But media executives say the research-estimating ad spending on a per-household basis-is unlikely to help marketers make spending decisions.
The so-called "advertising atlas" consists of two separate but linked databases.
One measures direct mail, promotion and ad spending by media type in each of the top 150 markets. It also uses national and local spending data from 15 sources, including the U.S. Postal Service, media trade groups and Advertising Age.
Another tracks consumer and business-to-business spending by company using standard industry classifications, annual reports, U.S. Census Bureau and other Commerce Department and local business data. For any given market, the two sets of figures had to agree within a range of 5% before they could be projected against a national average.
The Ad Audit database, as it's called, was developed in 1988 by Kip Cassino, who had been hired to help a Philadelphia radio station calculate its share of the local advertising market. Mr. Cassino, now research manager at the Gannett Co.'s Wilmington, Del., News-Journal, expanded the study and said the research can help companies evaluate the most- and least-expensive ad markets, as measured by the value of ad spending per household.
"What you're looking at is the amount spent to get an ad message to a family in a particular city, how many messages a family in the market receives and how they receive it," Mr. Cassino said.
For instance, while New York, Los Angeles and Chicago are the markets with the most expensive ad rates, and receive by far the most spending, Portland, Maine, gets the highest spending per household, followed by other small markets.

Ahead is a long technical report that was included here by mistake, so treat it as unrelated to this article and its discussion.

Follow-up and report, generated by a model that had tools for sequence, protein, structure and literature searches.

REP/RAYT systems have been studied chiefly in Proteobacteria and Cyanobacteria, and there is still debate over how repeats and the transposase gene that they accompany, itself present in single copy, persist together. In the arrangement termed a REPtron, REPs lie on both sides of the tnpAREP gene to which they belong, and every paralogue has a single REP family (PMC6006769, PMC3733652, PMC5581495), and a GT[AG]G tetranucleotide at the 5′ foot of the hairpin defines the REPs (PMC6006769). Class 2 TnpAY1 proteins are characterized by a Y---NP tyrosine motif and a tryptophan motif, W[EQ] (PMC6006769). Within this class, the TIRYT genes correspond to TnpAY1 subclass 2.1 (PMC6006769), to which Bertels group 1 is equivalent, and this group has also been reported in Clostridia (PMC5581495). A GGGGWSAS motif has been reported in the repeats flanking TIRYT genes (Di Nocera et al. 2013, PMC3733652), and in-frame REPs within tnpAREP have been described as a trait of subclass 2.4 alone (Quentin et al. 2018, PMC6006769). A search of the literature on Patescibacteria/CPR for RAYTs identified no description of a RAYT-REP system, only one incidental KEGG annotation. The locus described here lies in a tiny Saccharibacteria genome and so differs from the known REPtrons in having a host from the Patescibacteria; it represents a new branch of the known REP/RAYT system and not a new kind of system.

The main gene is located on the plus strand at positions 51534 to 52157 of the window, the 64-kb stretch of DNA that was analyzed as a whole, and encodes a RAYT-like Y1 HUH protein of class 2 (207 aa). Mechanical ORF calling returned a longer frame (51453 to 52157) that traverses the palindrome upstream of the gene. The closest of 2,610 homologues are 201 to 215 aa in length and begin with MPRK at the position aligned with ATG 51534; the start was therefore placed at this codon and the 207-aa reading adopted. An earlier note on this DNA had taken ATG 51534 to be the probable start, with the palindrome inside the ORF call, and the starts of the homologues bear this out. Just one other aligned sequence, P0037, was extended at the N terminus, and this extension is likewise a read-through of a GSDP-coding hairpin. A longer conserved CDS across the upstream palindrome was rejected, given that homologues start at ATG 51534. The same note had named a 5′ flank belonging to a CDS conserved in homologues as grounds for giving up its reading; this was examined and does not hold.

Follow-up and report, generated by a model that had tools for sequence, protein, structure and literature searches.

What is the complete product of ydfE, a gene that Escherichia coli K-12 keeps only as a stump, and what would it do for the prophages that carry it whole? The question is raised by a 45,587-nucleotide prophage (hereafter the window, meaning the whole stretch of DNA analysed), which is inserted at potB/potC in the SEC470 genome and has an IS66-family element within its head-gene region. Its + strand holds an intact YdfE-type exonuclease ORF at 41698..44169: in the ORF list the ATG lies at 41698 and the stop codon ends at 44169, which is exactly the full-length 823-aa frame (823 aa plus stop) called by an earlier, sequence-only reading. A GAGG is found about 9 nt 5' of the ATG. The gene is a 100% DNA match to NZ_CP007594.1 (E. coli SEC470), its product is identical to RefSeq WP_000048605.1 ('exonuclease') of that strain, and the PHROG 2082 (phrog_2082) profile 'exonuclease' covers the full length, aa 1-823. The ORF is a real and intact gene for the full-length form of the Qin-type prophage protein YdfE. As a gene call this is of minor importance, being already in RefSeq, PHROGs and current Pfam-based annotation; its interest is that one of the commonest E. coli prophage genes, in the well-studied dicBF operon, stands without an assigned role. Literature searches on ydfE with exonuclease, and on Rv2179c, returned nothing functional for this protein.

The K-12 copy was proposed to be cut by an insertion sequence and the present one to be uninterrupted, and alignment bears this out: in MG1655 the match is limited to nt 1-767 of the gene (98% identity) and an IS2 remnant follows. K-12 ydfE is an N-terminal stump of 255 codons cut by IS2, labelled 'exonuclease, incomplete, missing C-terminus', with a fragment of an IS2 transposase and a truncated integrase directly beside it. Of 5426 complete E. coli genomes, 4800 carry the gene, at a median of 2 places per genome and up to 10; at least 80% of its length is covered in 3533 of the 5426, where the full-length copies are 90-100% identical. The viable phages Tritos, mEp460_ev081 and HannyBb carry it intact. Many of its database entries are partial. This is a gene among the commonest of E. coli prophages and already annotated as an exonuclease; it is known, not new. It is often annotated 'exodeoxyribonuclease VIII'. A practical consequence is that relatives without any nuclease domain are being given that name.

Ranked that way, New York isn't so expensive after all, falling within the national average range of $4,100 to $4,399 spent per household.
Even among larger markets, households in Boston, Dallas, Minneapolis and Orlando are exposed to higher ad spending levels, the survey concludes, while Cleveland, Miami and Pittsburgh get per-household spending that's well below average. So do smaller markets with lower-income and immigrant populations.
Mr. Cassino explained discrepancies-even among similar-size markets-by noting newspaper and other media monopolies often force ad costs higher in certain markets. Income figures and government estimates of local "buying power" also weight national spending estimates and can vary across markets.
Some agency researchers questioned the local data's accuracy, and even Mr. Cassino acknowledges some of his findings are "very fuzzy." Even so, American Demographics Editor Brad Edmondson, who originally published the findings, said the research passed a rigorous methodology test.
Some took issue with the way the database lumps together various forms of media as "looking" (TV and outdoor); "reading" (print and direct mail); and "listening" (radio).
"He's not doing media mixes in a way that anybody at an ad agency does mixes," said Joanne Burke, senior VP-worldwide media research director, at Foote, Cone & Belding, New York.
Erwin Ephron, a partner at Ephron, Papazian & Ephron, said the research is an "interesting exercise, but I don't think it's very important to national advertisers. It's based on the idea that all advertising competes equally for attention, and that misunderstands how ads work. When an ad works, it's because of relevance, not because of the absence of other messages."
Others raised a more crucial point.
"Advertisers spend behind sales, not populations," said Jon Swallen, senior VP-director of media research at Ogilvy & Mather.
He said marketers are more apt to pick a test market based on product usage than media cost. For some new products or emerging categories, however, the data might prove useful, he said.